Protein profile Aflatoxicated group (G2) exhibited the lowest values of total blood protein, albumin and globulin (Table 2). The total blood protein and globulin values showed high significant differences (P < 0.05) in aflatoxicated groups according the pattern: G3 > G5, G7 > G2 and in non aflatoxicated groups according the pattern: G4, G8 > G6 > G1. G3 and G5 had higher values of albumin than G7 and G2. The level of serum albumin was not affected by supplementation of either FEO or S. cerevisiae alone.

At the end 30 days of feeding, the residues of AFB1 were measured in liver and musculature of control fish and aflatoxicated fish with or without treatment (G1, G2, G3, G5 and G7) as shown in Fig. 3 (A and B). The control fish (G1) was free from AFB1 residues but, the higher residual levels were revealed in G2 in liver (5 ± 0.5 ppb) and musculature (3.7 ± 0.1 ppb). The residues in liver (Fig. 3A) were significantly decreased in G3 (0.5 ± 0.5 ppb) and G7 (0.8 ± 0 ppb) followed by G5 (2 ± 0.5 ppb) compared with G2. On the other hand, the residues in musculature (Fig. 3B) were significantly reduced in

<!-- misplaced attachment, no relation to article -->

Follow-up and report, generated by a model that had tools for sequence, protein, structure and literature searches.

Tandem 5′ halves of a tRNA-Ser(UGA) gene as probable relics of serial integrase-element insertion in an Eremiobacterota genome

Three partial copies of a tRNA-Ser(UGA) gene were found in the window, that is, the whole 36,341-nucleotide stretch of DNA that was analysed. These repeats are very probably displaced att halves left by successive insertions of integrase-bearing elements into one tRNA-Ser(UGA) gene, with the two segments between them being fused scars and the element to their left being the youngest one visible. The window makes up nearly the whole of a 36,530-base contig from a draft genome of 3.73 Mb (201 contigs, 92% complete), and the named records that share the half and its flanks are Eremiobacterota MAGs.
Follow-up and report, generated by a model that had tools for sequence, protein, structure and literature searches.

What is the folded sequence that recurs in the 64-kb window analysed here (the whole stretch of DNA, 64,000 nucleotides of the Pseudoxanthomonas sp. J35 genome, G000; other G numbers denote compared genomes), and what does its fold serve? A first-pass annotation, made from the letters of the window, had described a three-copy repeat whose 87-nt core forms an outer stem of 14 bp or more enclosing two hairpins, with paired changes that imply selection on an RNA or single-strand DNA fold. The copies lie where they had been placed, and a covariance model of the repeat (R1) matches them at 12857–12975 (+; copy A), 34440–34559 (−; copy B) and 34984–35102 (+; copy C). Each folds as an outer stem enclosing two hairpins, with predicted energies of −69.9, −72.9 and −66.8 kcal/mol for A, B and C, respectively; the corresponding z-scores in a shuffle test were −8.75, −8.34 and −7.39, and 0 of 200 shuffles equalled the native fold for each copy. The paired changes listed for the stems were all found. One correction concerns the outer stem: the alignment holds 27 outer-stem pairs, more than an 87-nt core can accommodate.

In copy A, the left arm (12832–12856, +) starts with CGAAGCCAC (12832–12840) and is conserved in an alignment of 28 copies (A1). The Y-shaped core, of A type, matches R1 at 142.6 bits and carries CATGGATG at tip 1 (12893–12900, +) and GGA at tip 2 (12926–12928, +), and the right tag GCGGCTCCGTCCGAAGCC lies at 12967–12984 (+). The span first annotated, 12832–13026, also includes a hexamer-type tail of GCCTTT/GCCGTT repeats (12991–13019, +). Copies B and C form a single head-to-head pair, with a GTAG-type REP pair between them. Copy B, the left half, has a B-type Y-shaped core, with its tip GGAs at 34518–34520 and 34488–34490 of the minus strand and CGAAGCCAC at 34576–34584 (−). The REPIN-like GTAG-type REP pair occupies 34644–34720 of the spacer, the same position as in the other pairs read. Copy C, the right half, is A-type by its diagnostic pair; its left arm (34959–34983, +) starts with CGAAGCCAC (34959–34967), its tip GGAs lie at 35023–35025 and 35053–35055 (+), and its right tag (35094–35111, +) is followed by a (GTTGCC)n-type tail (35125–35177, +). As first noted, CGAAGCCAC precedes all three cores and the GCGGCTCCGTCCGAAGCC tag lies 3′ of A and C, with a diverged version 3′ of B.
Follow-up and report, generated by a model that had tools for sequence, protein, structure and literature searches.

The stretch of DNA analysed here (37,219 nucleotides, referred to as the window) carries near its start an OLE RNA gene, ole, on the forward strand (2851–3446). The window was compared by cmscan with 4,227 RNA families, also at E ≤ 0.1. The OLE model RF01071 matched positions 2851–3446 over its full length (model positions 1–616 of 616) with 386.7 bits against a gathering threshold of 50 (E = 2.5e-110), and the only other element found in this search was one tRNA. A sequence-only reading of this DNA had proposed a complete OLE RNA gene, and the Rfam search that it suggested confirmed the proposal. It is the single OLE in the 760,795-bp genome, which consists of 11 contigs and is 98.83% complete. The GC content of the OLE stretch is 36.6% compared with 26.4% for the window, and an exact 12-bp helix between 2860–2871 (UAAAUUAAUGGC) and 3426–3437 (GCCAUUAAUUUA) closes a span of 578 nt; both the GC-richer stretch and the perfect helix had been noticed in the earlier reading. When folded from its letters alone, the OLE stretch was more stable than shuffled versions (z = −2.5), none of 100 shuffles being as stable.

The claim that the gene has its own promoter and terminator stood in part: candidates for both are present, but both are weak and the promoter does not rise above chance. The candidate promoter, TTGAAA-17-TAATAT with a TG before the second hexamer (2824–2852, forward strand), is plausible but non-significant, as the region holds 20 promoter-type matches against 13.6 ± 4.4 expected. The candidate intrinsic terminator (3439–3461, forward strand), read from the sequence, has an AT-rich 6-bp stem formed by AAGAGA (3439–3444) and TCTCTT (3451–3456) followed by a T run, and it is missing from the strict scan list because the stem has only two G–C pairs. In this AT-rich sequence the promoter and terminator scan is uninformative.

Fig. 1. Effect of aflatoxin B1, Fennel essential oil and Saccharomyces cerevisiae on (A) serum ALT (IU/L) and (B) creatinine (mg/dl) of Nile tilapia. The bars with different superscripts (a–c) are significantly different (P < .05, one-way ANOVA).

Please cite this article in press as: Abdel Rahman, A.N., et al. Protection of Nile tilapia, Oreochromis niloticus from aflatoxin B1 toxicity by dietary supplementation with Fennel essential oil and Saccharomyces cerevisiae. Egyptian Journal of Aquatic Research (2017), https://doi.org/10.1016/j.ejar.2017.09.006

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A.N. Abdel Rahman et al. / Egyptian Journal of Aquatic Research xxx (2017) xxx–xxx

Fig. 2. Effect of aflatoxin B1, Fennel essential oil and Saccharomyces cerevisiae on (A) catalase activity (CAT, U/L) and (B) malondialdehyde (MDA, nmol/ml) of Nile tilapia. The bars with different superscripts (a–d) are significantly different (P < 0.05, one-way ANOVA).

Fig. 3. Effect of Fennel essential oil and Saccharomyces cerevisiae on residues of aflatoxin B1 in (A) Liver and (B) musculature of Nile tilapia. The bars with different superscripts (a–c) are significantly different (P < 0.05, one-way ANOVA).

G5 (0.5 ± 0.2 ppb) compared with G2 while, no residues were recorded in the other groups.